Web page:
Your washing machine likely has a hand wash and a wool cycle. Both are specifically designed to wash at the settings your delicate clothes need.

So why hand-wash?

There are different types of ‘delicate’ materials. Wool blends, and silk blends, and machine beaded clothes are 'a little bit' delicate, but will probably be okay in your machine.

But fabrics that are hand beaded, hand dyed, 100% wool, silk or cashmere, are just a 'bit too delicate' (and probably too expensive) to risk. 
So, here’s how to make sure you don’t ruin them.

To get started, you’ll need a: 

  • Kitchen sink and a plug or a large basin/bucket
  • Wool and Delicate wash 
  • Dry towel 
  • Clothes line or drying rack 

Step 1: Clean the substitute washer tub 

Whatever you’re using, it needs to be squeaky clean before you wash your clothes in it. 

Start by giving your makeshift tub a good rinse with hot water to help loosen the grime and kill any bacteria. Then scrub the interior surface thoroughly before rinsing it clean. Repeat if necessary. 

Once it’s pristine, it’s time to get started on the real work… 


Step 2: Measure and add a delicate detergent 

When you’re used to throwing all of your clothes into a machine and measuring the detergent per load, it’s tricky to determine how much detergent to use for a single load of hand-washed laundry. Our tip? Measure 1 teaspoon of laundry detergent per kilogram of clothing. If you’re washing a few heavy pieces of clothing in one load, adjust the detergent to half a teaspoon per kilogram.

It’s important to know that more detergent doesn’t equal cleaner clothes. If anything, it makes them feel stiffer, making it more difficult and longer to wash off the soap. As a result, it leaves residual detergent on your clothes which can trigger allergies and skin irritations. 


Step 3: Add water and detergent together before you add the clothes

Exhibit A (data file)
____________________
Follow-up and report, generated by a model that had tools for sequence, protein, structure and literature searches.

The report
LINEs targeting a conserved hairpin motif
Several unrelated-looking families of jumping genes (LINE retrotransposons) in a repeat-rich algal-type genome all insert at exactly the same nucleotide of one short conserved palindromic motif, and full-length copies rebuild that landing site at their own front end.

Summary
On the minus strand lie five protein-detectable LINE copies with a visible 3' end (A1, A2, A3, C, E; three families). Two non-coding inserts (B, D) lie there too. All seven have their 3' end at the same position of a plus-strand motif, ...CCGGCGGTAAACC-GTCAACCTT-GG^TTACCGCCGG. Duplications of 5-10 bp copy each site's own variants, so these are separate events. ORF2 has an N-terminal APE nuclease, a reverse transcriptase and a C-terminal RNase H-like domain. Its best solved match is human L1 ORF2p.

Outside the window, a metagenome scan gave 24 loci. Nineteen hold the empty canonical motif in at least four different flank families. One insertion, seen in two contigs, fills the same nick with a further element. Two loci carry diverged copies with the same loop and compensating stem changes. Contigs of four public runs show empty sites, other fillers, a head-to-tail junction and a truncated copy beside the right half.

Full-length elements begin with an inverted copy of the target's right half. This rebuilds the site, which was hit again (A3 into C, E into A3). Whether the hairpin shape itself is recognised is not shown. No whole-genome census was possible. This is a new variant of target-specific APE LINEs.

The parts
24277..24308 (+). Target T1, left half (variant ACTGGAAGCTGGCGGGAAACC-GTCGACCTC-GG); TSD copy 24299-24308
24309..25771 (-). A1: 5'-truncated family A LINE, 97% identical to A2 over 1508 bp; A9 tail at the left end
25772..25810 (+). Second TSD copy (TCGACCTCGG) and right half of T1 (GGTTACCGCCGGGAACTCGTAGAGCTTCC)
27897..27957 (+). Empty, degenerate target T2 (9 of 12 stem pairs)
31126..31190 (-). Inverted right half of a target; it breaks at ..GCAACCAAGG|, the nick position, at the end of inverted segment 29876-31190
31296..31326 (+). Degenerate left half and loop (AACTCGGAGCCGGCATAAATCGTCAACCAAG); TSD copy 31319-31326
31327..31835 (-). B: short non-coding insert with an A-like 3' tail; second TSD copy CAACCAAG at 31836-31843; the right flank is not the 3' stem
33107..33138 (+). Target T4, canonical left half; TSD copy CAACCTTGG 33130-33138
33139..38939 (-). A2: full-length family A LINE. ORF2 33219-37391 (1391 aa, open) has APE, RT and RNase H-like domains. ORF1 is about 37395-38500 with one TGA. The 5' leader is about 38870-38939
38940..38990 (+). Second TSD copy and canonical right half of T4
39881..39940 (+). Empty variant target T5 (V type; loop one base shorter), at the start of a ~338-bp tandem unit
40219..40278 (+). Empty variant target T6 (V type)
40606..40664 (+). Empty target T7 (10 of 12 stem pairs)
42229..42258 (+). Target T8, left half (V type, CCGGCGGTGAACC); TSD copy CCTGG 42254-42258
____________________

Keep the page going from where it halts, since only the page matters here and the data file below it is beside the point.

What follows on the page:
Fill up the washer tub with enough water so your clothes are submerged. Make sure the water level isn’t too high or it’ll overflow when you add your clothes. And nobody wants that. 

We recommend room temperature water as you’ll be using your hands and the temperature will change swiftly because it’s exposed to air. 

Add the detergent to the water, then swirl and swish it around to dissolve the detergent and create suds. 

Step 4: Hand wash your clothes

And now we’re at the main event. Add your clothes in one at a time and push them gently until they’re completely submerged. Once done, activate your inner tumble wash… 

Start by moving the clothes around for a couple of minutes by pushing them downward and stirring the water. Use both hands to squeeze the clothes (remembering to take care) while they’re submerged. Another option is to ‘knead’ the clothes to allow them to further soak in the detergent solution. Do this for at least 5 minutes for a regular clean.

If there are obvious stains, lay the item down on a flat surface and use your fingers to work a little extra detergent into the area before putting it back in the washer tub. 

Step 5: Allow the delicate clothes time to soak

The soaking time ranges from 15 to 45 minutes, depending on how dirty your clothes are. It’s important to move your clothes around every 5-10 minutes to ensure that your cleaning solution gets into your fabrics for a top-notch clean.  


Step 6: Rinse off the detergent 

Get a clean empty bucket ready because you’ll be needing it to drain out the soapy water. 

Rinse the washer tub thoroughly to remove any detergent residue and suds, then refill the tub and dunk the clothes in the water. Gently agitate the fabrics to remove detergent and gently squeeze. Repeat the entire process – rinse tub, refill and agitate – until there’s no more soapiness leaving the clothes. Be patient, as detergent doesn’t wash off easily unless the clothes are rinsed vigorously. 


Step 7: Remove excess water and dry

When it comes to drying your clothes by hand, whatever you do, do not wring them. Why? Soaked clothing is heavy which makes them prone to stretching. To remove excess water from your hand-washed clothes, pull them out, and pop them on a dry towel.

Roll the dry towel and the clothes together, and allow the towel to absorb the water.

Lastly, hang the laundry to dry on a clothesline or rack. It is best to lay the clothes flat across the clothes line by putting them on a towel. Turn your clothes over after 12 hours or so.

You might notice they take a little longer to dry than machine-washed clothes, but hey, the hard work’s all done and the end result is fresh, clean clothes lovingly hand-washed by you!

Frankie Layton